A tree finally succumbs to disease, leaving a hole in a neighborhood

Article from the Boston Globe  / By Eric Moskowitz GLOBE STAFF  FEBRUARY 11, 2017

It arrived as a sapling when the Back Bay was in its infancy, a spindly American elm tamped down into a square of dirt cut into the brick sidewalk of 1880s Marlborough Street, no higher than the first bay window of the new brownstone behind it.

It survived air pollution and dog urine and crumpled papers, the nibbling of the horses that pulled the carriages and dragged the streetcars, too. It outlasted their hoofbeats and the trolley tracks that ran down Marlborough and even the paving stones in which those tracks were laid, fanning out over the generations of automobiles that followed.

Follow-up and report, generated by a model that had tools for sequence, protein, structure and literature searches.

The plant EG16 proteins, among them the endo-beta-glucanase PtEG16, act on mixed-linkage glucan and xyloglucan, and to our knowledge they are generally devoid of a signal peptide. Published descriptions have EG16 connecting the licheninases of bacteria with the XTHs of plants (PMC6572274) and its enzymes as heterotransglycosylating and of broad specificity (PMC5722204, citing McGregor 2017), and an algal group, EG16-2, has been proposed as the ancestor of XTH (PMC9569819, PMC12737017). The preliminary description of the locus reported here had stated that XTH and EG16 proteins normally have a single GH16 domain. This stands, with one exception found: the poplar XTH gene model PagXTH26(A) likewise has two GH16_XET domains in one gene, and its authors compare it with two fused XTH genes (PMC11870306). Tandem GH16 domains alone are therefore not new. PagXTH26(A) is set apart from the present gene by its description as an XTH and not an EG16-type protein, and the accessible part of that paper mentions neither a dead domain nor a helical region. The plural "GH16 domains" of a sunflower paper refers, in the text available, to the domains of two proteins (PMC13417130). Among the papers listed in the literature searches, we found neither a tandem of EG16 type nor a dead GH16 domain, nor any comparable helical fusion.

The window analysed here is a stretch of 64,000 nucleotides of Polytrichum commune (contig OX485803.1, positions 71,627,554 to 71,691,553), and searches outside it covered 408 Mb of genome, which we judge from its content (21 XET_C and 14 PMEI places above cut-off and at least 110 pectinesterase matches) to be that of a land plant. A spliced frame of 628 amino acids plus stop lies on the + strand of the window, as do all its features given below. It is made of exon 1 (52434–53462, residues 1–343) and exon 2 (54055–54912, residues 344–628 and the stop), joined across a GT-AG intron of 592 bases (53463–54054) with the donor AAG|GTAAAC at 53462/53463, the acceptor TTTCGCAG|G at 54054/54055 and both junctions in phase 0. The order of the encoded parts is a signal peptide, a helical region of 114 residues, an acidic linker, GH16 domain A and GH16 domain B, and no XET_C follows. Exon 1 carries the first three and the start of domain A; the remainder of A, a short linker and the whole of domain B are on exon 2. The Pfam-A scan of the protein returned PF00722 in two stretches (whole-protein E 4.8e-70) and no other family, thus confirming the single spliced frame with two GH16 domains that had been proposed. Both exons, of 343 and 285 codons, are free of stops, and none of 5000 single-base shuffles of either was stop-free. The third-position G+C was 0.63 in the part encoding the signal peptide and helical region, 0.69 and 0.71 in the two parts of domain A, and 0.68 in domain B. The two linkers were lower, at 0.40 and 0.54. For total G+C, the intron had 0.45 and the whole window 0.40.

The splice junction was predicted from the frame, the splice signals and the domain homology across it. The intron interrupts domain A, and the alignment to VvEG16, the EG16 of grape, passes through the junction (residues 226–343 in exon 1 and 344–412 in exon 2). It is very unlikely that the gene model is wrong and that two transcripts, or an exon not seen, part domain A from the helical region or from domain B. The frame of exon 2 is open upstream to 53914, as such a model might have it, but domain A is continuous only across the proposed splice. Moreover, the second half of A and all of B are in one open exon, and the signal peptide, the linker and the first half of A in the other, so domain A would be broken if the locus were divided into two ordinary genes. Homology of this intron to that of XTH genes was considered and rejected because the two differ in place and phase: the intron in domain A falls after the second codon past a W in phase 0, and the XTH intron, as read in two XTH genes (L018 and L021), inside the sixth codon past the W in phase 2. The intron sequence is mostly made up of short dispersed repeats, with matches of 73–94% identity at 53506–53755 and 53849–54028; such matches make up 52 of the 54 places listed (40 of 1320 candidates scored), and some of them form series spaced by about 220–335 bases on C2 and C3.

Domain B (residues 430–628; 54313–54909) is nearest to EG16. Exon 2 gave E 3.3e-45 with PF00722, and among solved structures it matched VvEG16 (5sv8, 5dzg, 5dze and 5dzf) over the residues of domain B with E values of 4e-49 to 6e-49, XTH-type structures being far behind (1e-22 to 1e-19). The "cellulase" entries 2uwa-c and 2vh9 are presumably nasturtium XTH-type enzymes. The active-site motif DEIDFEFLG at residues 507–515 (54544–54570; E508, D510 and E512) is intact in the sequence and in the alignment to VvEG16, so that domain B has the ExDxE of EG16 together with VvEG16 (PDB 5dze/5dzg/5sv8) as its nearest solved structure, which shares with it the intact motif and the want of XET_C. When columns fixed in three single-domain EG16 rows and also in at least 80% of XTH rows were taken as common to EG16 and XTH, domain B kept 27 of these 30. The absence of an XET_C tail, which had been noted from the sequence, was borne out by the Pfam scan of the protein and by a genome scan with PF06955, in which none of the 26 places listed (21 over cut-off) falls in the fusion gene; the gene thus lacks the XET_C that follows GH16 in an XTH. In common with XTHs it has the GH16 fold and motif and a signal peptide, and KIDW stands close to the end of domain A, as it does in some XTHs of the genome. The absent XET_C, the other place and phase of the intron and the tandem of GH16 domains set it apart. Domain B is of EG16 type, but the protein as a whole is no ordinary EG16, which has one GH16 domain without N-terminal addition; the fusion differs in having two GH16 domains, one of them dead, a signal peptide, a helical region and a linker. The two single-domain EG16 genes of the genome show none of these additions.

The elm, known to neighbors in recent years as the BOE, or Big Old Elm, grew tall and it grew strong, tapering in and out again like a seven-story wine glass, its long limbs arching high above the rooftops, its broad leaves shading the sidewalk from the summer sun and turning golden in the fall...

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